By Jerri-Lynn Scofield, who has worked as a securities lawyer and a derivatives trader. She is currently writing a book about textile artisans.
Microfibers – pieces of microplastics less than 5 mm in length – are now virtually ubiquitous, found in pristine environments such as the Arctic, as well as in human placentas.
Their impact on human health has not been well studied, although recent research suggests they may be dangerous, as The Guardian noted in Tumble dryers found to be a leading source of microfibre air pollution.:
…In 2021, scientists found microplastics caused damage to human cells in the laboratory. These tiny fibres have also been linked to intestinal inflammation and other gut problems.
A study published this week, Microfibers Released into the Air from a Household Tumble Dryer, found that a single home clothes dryer could release up to 120 million such particles into the air each year, making microfibers so released a leading source of such air pollution (see full study here.)
The study was conducted by a group led by Prof. Kenneth Leung, director of the State Key Laboratory of Marine Pollution (SKLMP) and department of chemistry at City University of Hong Kong. Per the abstract:
This study quantified the number of the two most common textile fibers discharged from a household vented tumble dryer to ambient air. The results suggest that driers of this type are a potential source of air contamination by microfibers, releasing 433,128–561,810 microfibers during 15 min of use. Microfibers can be generated from both polyester and cotton textiles. The abundances of microfibers of polyester produced were directly proportional to the masses of clothing loaded into a dryer, but such a relationship was not apparent for cotton textiles. On the basis of the results presented here and other relevant data, it was estimated that the average Canadian household can annually release from 9 × 107 to 12 × 107 microfibers from a single dryer. To minimize the release of these microfibers into the air, an appropriate engineered filtration system should be developed and adopted as an effective control measure for individual household driers.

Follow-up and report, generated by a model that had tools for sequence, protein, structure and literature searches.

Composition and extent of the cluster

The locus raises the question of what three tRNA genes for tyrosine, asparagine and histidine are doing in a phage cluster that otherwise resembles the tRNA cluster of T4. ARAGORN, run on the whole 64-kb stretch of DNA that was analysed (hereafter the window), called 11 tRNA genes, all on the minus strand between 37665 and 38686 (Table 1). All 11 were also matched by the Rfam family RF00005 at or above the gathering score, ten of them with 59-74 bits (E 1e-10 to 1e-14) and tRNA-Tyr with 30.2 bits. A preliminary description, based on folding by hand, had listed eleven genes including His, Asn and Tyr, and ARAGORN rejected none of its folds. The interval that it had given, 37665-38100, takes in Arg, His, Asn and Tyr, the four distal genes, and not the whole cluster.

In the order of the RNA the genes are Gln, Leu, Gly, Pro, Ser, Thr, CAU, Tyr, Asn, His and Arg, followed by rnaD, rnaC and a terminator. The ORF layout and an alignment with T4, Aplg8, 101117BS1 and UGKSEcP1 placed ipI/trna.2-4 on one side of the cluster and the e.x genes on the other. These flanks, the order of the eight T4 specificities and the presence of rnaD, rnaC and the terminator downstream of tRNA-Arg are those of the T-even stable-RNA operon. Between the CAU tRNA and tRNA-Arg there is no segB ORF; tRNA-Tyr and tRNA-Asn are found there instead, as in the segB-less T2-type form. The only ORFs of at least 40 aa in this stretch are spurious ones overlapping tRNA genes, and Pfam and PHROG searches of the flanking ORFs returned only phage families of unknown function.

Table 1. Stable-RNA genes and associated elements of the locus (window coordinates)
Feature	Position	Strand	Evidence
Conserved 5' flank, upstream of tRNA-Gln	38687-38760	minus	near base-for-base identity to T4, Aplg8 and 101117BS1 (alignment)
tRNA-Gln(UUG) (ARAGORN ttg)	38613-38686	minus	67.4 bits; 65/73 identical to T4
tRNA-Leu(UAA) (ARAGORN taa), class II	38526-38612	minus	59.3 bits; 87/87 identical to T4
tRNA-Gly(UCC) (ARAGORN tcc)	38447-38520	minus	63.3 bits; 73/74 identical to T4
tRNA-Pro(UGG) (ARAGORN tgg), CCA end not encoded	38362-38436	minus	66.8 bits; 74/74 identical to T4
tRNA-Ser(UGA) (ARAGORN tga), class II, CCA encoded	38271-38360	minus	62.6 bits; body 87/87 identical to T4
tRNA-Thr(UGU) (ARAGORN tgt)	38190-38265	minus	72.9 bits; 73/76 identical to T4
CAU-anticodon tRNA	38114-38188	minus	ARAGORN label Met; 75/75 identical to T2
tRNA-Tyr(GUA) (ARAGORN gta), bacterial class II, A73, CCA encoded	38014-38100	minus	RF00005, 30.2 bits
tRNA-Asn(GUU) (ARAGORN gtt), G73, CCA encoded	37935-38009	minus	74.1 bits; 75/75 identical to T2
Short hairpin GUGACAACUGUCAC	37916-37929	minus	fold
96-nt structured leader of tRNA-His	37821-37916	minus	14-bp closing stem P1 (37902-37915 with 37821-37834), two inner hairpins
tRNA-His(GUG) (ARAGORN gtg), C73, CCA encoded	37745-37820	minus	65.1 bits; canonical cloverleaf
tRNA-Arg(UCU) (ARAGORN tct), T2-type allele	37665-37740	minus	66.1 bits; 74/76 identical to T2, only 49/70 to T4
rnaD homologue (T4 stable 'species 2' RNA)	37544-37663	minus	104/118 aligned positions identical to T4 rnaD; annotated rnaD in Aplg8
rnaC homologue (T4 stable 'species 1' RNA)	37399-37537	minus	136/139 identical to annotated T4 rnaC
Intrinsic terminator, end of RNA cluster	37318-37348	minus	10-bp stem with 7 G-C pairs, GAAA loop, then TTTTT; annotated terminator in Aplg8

Both organic – e.g., cotton – and organic – polyester – shed microfibers when clothes are tumble dried. The natural fibres can be digested and decompose relatively quickly. The inorganic fibres are more problematic. Per the study:
Cotton microfibers discharged into the environment can be ingested by organisms, but they are not as persistent as polyester microfibers. For the same drying duration, cotton textiles produce more stable amounts of microfibers (165 ± 27) after drying regardless of the mass of textiles in the dryer. In comparison, polyester textiles can generate more microfibers than cotton textiles according to the current results. Micro- fibers generated from polyester textiles are of special concern since their bioaccumulation potential increases with decreasing size. The microfibers might be ingested by organisms ranging from zooplankton to fish and birds and transferred into food webs. [Jerri-Lynn here: my emphasis; study p. D, citations omitted.]